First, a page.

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3d plot in scilab

  1. Feb 15, 2012 #1

    fluidistic

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    I just downloaded scilab because Wolfram Alpha wouldn't want to plot the function I'd like.
    In a physics problem I've found the temperature distribution of a 2 dimensional system. I'd like to visualize this function in 3d.
    The function I want to plot is [itex]u(x,y)=\frac{1}{\pi} \arctan \left ( \frac{y+a}{x} \right )+\frac{1}{\pi} \arctan \left ( \frac{a-y}{x} \right )[/itex]. I've read the help file of scilab of how to plot but I'm getting lost very quickly. Any help is appreciated!

    Edit: so far I have
    Code (Text):
    x=[0:0.1:12]'; y=[0:0.1:12]'; z=atan((y-2)/x)+atan((2-y)/2); plot3d(x,y,z)
    . I don't know how to pass a line (enter just evaluates the command I wrote). I get the message "Inconsistent addition."
     
    Last edited: Feb 15, 2012
  2. jcsd
  3. Feb 15, 2012 #2
    Don't know scilab, but your second 'atan' has a '2' in the denominator...shouldn't that be 'x'?

    what do the single apostrophes do?
    what do you think you are accomplishing with z=... ? are x and y traversed independently as if they were in 2 nested do-loops...or is it just a one-to-one? In other words, is z also just a vector? or are you getting a matrix?

    try to input one line at a time and find out what you get back after each....don't jump all the way to plotting...baby steps, baby steps!
     
  4. Feb 15, 2012 #3

    fluidistic

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    No problem. Yes, it should be an x.
    I have absolutely no idea. Probably a necessary part of syntax.

    Hmm, I wanted it to be a function of both x and y and then plot it. My u(x,y)

    Ok.
    Here is an example they give, from which I've been inspired:
    Code (Text):
    // simple plot using z=f(x,y)
    t=[0:0.3:2*%pi]';
    z=sin(t)*cos(t');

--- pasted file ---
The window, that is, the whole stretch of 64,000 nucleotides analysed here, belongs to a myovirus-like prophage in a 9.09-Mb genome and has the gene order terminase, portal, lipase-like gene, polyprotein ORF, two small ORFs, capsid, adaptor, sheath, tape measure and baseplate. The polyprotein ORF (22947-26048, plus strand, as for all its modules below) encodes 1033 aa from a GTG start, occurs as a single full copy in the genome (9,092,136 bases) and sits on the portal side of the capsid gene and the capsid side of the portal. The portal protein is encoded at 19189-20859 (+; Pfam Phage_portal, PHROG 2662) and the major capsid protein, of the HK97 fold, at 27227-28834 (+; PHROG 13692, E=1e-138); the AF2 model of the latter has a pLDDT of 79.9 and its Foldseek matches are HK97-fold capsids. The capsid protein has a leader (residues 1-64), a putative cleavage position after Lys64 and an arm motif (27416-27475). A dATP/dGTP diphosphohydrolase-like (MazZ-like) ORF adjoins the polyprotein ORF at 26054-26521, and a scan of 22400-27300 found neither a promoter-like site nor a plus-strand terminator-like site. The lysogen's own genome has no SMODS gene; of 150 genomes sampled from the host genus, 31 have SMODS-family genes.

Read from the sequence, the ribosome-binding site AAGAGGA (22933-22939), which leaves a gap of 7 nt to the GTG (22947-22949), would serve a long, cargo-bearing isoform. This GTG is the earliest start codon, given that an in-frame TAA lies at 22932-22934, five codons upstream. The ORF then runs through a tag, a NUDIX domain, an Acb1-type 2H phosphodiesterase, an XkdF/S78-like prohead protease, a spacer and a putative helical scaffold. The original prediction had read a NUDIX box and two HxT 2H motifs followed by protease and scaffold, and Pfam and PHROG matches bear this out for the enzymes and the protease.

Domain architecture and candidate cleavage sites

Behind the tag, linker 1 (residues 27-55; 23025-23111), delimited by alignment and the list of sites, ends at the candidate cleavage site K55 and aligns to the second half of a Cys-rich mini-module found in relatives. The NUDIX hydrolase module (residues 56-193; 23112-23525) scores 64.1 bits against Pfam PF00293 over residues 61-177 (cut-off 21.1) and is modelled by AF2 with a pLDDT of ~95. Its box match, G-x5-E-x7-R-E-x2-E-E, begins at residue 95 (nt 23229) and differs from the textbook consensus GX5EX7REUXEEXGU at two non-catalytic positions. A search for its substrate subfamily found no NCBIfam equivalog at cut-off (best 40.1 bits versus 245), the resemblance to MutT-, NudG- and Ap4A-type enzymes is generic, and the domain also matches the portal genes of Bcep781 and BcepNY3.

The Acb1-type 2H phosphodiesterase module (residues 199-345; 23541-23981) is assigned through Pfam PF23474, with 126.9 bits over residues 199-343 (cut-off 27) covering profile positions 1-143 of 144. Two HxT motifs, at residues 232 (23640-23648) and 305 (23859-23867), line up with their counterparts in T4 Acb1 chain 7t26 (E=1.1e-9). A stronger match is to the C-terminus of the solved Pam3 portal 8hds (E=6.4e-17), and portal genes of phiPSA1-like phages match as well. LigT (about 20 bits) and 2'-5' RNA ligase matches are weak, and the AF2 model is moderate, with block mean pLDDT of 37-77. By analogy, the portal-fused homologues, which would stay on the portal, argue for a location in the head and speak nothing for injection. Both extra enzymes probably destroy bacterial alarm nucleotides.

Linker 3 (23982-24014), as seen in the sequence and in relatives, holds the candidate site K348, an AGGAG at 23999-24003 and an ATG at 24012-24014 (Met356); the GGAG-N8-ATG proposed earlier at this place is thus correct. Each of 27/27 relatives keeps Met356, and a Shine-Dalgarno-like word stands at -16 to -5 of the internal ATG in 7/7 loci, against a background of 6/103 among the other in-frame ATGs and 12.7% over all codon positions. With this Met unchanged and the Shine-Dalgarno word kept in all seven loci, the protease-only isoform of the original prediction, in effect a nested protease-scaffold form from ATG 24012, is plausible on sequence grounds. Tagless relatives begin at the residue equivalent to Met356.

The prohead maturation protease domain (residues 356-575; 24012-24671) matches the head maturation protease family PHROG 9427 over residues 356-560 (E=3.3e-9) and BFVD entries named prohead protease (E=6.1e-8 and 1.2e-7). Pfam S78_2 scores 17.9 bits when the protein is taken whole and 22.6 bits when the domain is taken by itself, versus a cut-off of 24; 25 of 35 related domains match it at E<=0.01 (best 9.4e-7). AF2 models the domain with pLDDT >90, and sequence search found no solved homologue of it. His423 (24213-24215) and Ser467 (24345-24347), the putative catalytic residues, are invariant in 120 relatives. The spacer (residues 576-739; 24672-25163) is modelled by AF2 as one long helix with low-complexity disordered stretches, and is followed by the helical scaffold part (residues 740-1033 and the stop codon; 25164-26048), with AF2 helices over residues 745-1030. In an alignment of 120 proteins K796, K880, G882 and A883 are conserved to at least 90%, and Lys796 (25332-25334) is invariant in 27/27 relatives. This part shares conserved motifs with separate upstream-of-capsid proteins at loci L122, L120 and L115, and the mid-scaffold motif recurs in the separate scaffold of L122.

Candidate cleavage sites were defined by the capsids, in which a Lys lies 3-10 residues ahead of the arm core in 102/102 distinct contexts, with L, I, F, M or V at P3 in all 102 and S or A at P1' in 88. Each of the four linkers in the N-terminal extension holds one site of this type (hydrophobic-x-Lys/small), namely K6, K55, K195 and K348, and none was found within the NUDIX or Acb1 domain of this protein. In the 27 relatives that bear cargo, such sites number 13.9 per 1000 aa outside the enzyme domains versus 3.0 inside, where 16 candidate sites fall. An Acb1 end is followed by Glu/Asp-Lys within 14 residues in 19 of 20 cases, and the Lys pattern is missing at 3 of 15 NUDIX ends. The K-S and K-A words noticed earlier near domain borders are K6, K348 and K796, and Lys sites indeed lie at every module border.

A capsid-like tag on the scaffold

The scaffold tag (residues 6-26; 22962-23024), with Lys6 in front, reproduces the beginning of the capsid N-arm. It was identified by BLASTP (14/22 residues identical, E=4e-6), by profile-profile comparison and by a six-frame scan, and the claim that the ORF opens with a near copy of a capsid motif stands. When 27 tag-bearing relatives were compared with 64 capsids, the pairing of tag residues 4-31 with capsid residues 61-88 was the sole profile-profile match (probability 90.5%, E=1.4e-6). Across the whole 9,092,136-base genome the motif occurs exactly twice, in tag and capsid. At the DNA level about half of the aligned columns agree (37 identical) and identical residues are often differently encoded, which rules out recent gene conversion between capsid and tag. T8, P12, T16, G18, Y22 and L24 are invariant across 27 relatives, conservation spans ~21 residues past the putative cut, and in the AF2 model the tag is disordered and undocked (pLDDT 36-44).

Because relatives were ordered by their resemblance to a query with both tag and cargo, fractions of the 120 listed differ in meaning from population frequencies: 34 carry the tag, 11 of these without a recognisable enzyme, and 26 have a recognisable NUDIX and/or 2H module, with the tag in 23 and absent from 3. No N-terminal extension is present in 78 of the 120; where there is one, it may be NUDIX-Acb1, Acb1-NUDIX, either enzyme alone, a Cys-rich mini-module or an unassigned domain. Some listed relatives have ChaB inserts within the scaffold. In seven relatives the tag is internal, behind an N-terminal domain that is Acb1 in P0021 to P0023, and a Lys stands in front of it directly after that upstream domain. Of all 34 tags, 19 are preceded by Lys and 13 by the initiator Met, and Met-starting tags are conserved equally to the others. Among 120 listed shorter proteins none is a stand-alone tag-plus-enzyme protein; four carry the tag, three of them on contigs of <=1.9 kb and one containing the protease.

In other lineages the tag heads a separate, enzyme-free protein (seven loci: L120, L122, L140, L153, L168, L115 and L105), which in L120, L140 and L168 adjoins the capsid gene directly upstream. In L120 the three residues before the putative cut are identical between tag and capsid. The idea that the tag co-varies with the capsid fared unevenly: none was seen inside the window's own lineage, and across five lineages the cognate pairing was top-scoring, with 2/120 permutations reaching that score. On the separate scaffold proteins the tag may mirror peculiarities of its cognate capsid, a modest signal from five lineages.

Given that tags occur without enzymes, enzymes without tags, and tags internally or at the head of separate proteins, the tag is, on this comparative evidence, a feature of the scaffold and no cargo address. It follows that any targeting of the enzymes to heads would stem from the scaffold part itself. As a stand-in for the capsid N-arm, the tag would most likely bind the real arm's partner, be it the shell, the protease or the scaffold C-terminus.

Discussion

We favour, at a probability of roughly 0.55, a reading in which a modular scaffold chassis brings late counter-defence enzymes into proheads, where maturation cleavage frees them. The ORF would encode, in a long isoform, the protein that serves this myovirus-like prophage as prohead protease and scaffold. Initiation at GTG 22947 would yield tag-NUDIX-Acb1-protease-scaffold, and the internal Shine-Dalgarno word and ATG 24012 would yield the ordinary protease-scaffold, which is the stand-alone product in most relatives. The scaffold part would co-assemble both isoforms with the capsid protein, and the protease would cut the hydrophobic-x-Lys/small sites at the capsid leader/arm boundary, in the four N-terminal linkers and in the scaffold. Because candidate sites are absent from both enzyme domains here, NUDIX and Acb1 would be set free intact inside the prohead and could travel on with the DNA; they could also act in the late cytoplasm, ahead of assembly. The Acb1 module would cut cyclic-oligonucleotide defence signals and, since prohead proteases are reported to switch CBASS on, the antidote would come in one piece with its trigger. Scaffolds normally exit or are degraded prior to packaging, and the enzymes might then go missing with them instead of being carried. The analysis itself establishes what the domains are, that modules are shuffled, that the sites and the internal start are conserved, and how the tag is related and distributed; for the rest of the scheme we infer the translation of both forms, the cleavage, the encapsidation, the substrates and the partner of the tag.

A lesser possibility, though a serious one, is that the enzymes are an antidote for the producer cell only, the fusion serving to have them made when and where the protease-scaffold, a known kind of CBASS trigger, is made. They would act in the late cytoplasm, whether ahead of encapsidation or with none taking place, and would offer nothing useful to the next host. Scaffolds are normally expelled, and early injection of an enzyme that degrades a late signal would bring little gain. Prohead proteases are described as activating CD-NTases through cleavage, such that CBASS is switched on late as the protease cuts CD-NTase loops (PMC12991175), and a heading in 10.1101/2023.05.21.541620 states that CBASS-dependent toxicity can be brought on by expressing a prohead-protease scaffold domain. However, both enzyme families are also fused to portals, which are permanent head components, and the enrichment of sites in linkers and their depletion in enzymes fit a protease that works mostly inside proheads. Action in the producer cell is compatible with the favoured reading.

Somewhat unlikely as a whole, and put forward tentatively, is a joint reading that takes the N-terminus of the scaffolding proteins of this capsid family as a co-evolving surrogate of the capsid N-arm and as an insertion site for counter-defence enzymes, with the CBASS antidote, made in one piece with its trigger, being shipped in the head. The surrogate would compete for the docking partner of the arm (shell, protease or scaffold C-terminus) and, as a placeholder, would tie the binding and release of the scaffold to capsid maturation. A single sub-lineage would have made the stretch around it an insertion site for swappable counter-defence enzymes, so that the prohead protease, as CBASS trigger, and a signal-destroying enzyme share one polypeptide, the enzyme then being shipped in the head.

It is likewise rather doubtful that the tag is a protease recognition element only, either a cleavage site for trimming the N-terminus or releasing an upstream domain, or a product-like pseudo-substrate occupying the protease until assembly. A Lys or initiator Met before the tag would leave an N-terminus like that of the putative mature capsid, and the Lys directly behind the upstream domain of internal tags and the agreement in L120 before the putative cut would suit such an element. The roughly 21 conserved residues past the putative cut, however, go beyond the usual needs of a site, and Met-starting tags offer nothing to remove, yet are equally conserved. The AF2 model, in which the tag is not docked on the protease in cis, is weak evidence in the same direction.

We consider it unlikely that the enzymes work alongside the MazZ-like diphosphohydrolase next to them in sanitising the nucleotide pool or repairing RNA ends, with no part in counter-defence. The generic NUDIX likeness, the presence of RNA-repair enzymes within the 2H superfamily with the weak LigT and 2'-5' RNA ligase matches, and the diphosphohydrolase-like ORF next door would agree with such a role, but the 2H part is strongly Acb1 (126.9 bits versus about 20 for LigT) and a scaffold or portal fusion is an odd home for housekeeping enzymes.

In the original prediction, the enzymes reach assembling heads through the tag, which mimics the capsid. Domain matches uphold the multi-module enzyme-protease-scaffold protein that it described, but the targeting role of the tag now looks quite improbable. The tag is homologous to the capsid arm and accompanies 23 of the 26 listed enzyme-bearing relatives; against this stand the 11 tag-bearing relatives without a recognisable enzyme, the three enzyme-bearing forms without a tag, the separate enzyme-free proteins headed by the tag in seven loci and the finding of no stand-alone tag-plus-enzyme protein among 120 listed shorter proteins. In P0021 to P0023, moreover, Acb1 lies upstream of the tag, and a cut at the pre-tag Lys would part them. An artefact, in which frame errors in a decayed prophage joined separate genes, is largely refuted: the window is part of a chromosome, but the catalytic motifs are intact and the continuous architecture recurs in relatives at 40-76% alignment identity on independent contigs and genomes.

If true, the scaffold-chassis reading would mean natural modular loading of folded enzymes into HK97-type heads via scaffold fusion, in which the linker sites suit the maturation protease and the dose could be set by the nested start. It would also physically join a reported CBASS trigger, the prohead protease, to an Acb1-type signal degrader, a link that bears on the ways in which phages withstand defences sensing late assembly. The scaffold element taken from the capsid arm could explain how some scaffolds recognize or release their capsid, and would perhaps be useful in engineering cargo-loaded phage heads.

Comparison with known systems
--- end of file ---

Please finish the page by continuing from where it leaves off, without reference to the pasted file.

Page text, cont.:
plot3d(t,t,z)
    Edit: It seems that x=[0:0.1:12] is a matrix or so. I thought it would plot x from 0 to 12 with increment of 0.1. Sigh. I really have no idea about Scilab.
     
  5. Feb 15, 2012 #4
    ok, so, did the example work? Did you get a surface plot?

    I think the apostrophe means transpose. In the example where they multiply sin times cos, notice how they pass t to one function and t' to the other...the fact that these two vectors are orthogonal (one is a column vector and the other a row vector) may be what makes it produce a square matrix for z....in other words, the expression is evaluated as in a double loop.

    So, go back to your own problem and pass y and x' and see what you get...see if you can display the z matrix before plotting to see if in fact is a square matrix.
     
  6. Feb 15, 2012 #5

    Dr Transport

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    look at the function meshgrid if it exists in scilab (it is a matlab function), you need a 2-d grid to properly plot in 3-d
     
  7. Feb 15, 2012 #6

    fluidistic

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    I tried:
    Code (Text):
    -->x=[0:0.1:12]';
     
    -->y=[0:0.1:12]';
     
    -->z=atan((y-2)/x)+atan((2-y)/x);
     
    -->plot3d(x,y,z)
    I do get a 3d surface but it's all flat.
     
  8. Feb 15, 2012 #7

    fluidistic

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    In analogy to their working example:
    Code (Text):
    x = -1:0.1:1;
    y = -1:0.1:1;

    [X,Y] = meshgrid(x,y);

    for i=1:size(X,1)
      for j=1:size(X,2)
        Z(i,j) = sinc(2*%pi*X(i,j)*Y(i,j));
      end
    end

    surf(X,Y,Z)
    I do:
    Code (Text):
    -->x = 1:0.1:12;
     
    -->y = 1:0.1:12;
     
    -->
     
    -->[X,Y] = meshgrid(x,y);
     
    -->
     
    -->for i=1:size(X,1)
    -->  for j=1:size(X,2)
    -->    Z(i,j) = atan((Y(i,j)-2)/X(i,j))+atan((2-Y(i,j))/X(i,j));
    -->  end
    -->end
     
    -->
     
    -->surf(X,Y,Z)
    And I still get a totally planar surface.
     
  9. Feb 15, 2012 #8
    I think the reason you are getting a flat surface is because you have yet another typo which effectively makes the summation be zero...

    in your numerators, you have Y-2 and 2-Y ...you should have Y+2 and 2-Y

    and, for completeness, you may want to put back the division by PI
     
  10. Feb 15, 2012 #9

    fluidistic

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    Whoops you're right. Well since I took a=2 while it's totally arbitrary, I don't think the 1/pi factor is really relevant.
    Using the meshgrid I get a somehow decent surface, but doesn't work well for the plot3d command so far.
    Here are 2 screenshots.
     

    Attached Files:

  11. Feb 15, 2012 #10
    Hhhmm...here it is what it looks like with python and matplotlib.
     

    Attached Files:

  12. Feb 16, 2012 #11

    fluidistic

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    Maybe it's the same. If you take a=2, I suggest you to reduce the box up to y and x=6 rather than 12.
     
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